Oil and gas firm Furie Operating Alaska will pay the largest Jones Act penalty in the history of the act.
Furie was penalized when it transported the Spartan 151 jack-up drill rig from the Gulf of Mexico to Alaska in 2011 using a foreign-flagged vessel.
The Jones Act, passed in 1920 prevents foreign-flagged ships from shipping merchandise between points in the United States.
According to the U.S. Justice Department, Furie, a company with the focus on exploration and production of natural gas and oil in Cook Inlet, has agreed to pay $10 million to satisfy a civil penalty originally assessed against it by U.S. Customs and Border Protection (“CBP”) for violating the Jones Act.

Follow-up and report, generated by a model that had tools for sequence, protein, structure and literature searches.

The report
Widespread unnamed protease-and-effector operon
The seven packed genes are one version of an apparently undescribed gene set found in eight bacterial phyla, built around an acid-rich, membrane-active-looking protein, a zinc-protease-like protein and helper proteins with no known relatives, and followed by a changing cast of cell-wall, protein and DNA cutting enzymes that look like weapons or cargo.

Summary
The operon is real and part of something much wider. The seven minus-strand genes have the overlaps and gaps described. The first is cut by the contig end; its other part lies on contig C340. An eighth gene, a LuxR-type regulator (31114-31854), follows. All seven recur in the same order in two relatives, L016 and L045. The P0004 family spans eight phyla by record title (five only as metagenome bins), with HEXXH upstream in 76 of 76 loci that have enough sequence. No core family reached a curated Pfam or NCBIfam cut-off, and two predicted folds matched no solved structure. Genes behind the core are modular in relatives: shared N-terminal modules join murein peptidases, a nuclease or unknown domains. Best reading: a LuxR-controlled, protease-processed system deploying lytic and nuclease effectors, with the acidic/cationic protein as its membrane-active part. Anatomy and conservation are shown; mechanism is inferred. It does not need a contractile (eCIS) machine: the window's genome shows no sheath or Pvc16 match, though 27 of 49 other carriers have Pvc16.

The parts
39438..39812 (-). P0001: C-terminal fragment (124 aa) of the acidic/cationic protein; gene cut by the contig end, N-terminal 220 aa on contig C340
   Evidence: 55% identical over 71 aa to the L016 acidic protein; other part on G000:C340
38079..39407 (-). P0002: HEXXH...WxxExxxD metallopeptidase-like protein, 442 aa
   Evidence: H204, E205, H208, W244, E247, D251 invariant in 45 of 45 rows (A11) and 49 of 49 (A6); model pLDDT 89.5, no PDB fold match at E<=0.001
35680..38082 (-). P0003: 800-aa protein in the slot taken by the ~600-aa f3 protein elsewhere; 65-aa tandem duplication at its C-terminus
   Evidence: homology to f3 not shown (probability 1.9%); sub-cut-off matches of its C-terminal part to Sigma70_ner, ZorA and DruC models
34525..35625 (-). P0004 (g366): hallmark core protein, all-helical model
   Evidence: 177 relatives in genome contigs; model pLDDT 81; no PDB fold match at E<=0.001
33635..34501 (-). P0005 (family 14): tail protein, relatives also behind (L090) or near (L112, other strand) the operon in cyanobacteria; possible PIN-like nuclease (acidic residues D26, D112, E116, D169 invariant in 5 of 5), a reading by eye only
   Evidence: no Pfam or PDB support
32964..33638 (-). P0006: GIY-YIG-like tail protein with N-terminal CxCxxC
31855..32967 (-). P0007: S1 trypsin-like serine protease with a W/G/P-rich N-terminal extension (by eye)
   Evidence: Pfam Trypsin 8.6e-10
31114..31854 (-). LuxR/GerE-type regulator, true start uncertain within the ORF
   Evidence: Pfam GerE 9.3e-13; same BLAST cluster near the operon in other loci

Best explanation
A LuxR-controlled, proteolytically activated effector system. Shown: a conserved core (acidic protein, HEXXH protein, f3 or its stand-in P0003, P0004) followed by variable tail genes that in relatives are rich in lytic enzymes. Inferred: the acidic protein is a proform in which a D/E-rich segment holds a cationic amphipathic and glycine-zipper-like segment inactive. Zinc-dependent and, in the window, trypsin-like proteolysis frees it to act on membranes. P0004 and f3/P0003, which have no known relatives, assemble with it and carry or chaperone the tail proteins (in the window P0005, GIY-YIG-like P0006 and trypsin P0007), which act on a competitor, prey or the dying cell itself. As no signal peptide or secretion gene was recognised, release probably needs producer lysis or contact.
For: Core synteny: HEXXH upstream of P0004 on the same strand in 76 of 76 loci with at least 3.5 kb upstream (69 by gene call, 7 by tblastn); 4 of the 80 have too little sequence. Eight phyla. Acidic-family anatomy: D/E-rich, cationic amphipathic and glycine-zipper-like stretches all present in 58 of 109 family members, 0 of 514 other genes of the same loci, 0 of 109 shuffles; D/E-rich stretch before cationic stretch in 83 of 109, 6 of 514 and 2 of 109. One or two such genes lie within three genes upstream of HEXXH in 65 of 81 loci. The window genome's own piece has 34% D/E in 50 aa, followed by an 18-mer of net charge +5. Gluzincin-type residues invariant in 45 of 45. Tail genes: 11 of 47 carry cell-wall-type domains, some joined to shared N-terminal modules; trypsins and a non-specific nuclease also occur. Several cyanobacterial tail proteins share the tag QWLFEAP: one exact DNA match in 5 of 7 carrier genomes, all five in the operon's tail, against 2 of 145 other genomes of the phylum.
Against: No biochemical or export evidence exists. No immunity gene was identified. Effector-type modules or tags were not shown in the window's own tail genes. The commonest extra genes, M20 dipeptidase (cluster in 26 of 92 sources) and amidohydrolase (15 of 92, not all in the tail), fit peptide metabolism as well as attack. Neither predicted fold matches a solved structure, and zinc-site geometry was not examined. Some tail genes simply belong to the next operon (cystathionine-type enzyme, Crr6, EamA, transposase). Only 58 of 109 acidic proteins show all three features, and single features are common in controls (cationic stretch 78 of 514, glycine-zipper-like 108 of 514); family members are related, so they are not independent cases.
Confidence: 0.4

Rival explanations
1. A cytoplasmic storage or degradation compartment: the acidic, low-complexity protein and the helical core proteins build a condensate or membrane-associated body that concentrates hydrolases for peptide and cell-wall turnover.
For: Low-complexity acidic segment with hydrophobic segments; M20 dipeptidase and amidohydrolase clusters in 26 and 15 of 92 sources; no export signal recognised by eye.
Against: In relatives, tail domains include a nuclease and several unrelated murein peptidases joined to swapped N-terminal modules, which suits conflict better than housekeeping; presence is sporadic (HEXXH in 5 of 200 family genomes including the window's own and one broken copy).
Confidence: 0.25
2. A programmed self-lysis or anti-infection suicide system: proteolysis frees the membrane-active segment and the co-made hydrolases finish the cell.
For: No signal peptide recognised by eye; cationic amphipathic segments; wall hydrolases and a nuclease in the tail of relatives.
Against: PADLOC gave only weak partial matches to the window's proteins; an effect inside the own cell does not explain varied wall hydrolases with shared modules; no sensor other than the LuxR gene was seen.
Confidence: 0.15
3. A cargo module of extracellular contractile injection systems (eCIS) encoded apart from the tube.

A waiver to the Jones Act may be obtained, in limited circumstances, from the Secretary of the Department of Homeland Security when he or she believes it is in the interest of national defense, following a determination that there is no U.S. vessel available to engage in the transport. Furie did not acquire such a waiver prior to the transportation of the rig.
The penalty resolves a civil lawsuit filed by Furie in 2012 challenging the assessment of the civil penalty. According to the DOJ, this settlement is the largest Jones Act penalty in the history of the Act.
“Resolution of this case demonstrates that the Jones Act will be actively enforced and that an intentional violation will not be rewarded. The settlement also provides closure to Furie and is designed not to undermine its ability to bring natural gas to market in Southcentral Alaska,” the department of Justice said.